VanScoy constructed a survey to collect data from 214 teachers and she analyzed her data using the Likert scale, relative frequency tables, bar graphs, and Chi square to test her hypotheses (1997). From her data, she concluded that teachers who used the in-class model preferred the in-class model, and teachers who used the pull-out model preferred the pull-out model (VanScoy, 1997). Of teachers who were using both the in-class and pull-out model, 42% preferred in-class, 33% preferred pull-out, and 25% preferred a mix of both models (VanScoy, 1997).
While this study did not provide data about the effectiveness of pull-out versus in-class programs for at-risk students, it suggested that teachers are most comfortable using their current model and thus are more likely to be successful in delivering instruction in this way
Discussion of the Literature
As stated above, the literature reviewed presented conflicting data and opinions about the efficacy of pull-out and in-class models of instruction for at-risk students. Although research compiled by Madden and Slavin (1987) was thorough and well-funded, it lacked a comparison to studies conducted about the effectiveness of the in-class model. The results of McLaughlin and Vacha’s (1992) study were also well-researched, and they also offered data about in-class models of instruction. This allowed for the comparison between the two models as well as information to be used for combining methods (McLaughlin & Vacha, 1992).
The research provided by Jakubowski and Ogletree (1987) was valuable because it provided studies from other researchers and also included a direct comparison between achievement levels of at-risk students receiving instruction through the pull-out and in-class models. However, the results showed that there were no significant differences in achievement. Instead, the research suggested that the quality of the instruction had a greater effect on student achievement than the model followed. Therefore, one is unable to conclude which model is more effective from this study; rather, the next step would be to evaluate the content and quality of the Title 1 services.
Passow (1987) provided several studies and expert opinions that favored the in-class model of instruction for at-risk students. His research was helpful for my investigation because it included references to studies that were specific to math instructional models for at-risk students (Passow, 1987). Furthermore, Passow’s research served as an excellent resource for my collaborative action research plan because it was both detailed and thorough (1987).
VanScoy’s (1997) study was also valuable for the purposes of my collaborative action research plan because its focus was most closely aligned to my investigation. Therefore, research discussed within her paper was quite helpful for preparing and comparing the results of my study. Furthermore, her research was the most current of the pieces of literature I found and thus was the most applicable to today’s educational climate. Although her study did not evaluate the efficacy of the pull-out and push-in model of instruction for at-risk students, it provided suggestions for next steps to help make a final determination.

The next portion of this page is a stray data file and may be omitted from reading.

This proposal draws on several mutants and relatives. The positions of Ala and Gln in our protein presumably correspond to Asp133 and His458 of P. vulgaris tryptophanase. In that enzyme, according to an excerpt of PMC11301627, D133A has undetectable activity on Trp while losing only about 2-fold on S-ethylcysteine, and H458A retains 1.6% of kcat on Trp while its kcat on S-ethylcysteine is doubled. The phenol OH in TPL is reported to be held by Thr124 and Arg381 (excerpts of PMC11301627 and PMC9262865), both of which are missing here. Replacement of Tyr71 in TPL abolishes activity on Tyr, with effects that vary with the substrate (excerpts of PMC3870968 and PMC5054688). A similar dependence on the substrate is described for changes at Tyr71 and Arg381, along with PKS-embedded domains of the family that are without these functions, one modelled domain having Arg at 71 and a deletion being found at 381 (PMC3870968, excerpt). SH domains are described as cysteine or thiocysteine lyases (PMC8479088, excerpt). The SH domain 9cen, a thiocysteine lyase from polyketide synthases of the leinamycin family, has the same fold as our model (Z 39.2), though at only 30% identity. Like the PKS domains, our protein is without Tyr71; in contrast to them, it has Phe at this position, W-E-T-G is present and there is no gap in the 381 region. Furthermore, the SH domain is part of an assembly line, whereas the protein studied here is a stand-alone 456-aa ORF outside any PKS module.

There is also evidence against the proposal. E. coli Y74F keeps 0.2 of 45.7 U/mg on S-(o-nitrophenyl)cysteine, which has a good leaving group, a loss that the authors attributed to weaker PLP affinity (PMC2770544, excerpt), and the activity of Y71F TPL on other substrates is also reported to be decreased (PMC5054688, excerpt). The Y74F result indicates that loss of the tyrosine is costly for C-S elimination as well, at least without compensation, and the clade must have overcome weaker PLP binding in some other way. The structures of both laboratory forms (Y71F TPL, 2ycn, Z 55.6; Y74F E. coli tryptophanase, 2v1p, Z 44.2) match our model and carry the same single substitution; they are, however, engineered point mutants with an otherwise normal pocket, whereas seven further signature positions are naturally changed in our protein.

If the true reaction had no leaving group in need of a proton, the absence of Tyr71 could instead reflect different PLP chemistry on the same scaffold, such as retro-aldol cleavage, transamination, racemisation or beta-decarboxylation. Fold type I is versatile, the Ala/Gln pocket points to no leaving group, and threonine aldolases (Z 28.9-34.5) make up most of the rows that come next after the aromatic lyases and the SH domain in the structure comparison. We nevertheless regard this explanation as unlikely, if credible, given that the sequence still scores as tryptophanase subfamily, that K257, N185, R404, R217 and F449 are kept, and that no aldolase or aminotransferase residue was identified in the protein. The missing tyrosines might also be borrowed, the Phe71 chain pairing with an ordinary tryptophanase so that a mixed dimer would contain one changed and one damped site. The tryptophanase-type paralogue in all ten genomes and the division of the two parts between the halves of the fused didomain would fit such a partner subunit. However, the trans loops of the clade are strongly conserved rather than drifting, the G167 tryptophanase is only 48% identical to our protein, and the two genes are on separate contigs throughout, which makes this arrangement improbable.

As a result of this research, it became apparent that there are several instructional delivery models that have found to be effective for raising the achievement of at-risk students. This realization led to the inclusion of my third research question, which focused on finding other effective models of basic skills instruction. The research also caused me to consider the content and quality of instruction when determining the efficacy of the instructional models in my study. This was the direct result of the research compiled by Madden and Slavin (1987) and Passow (1989), who suggested that the setting for Title 1 services is not what matters; rather it is the program itself that has the greatest impact on student achievement.
While the research discussed in these five pieces of literature presented conflicting views on the efficacy of the pull-out versus the in-class model of compensatory education for at-risk students, all agreed that the overall achievement gap is not closing at a satisfactory rate. The research showed that the gains made by at-risk students, if any, need to be greater. As stated by Passow (1989), it is our responsibility as educators to continue to research, evaluate, design, and implement instructional practices to provide the best instruction possible to all of our students.
Data Collection Plan and Methodology
Because I conducted a research for action study, the majority of my data came from existing research reports and journal articles. I found several sources that reported on topics similar to mine that discussed programs that had proven most effective in other districts. I also surveyed classroom teachers and other basic skills teachers to determine which models were used and to analyze the teachers’ thoughts and opinions of the efficacy of those models. A list of the sources used to determine answers to each of the three research questions discussed can be found in the data collection matrix in Appendix A.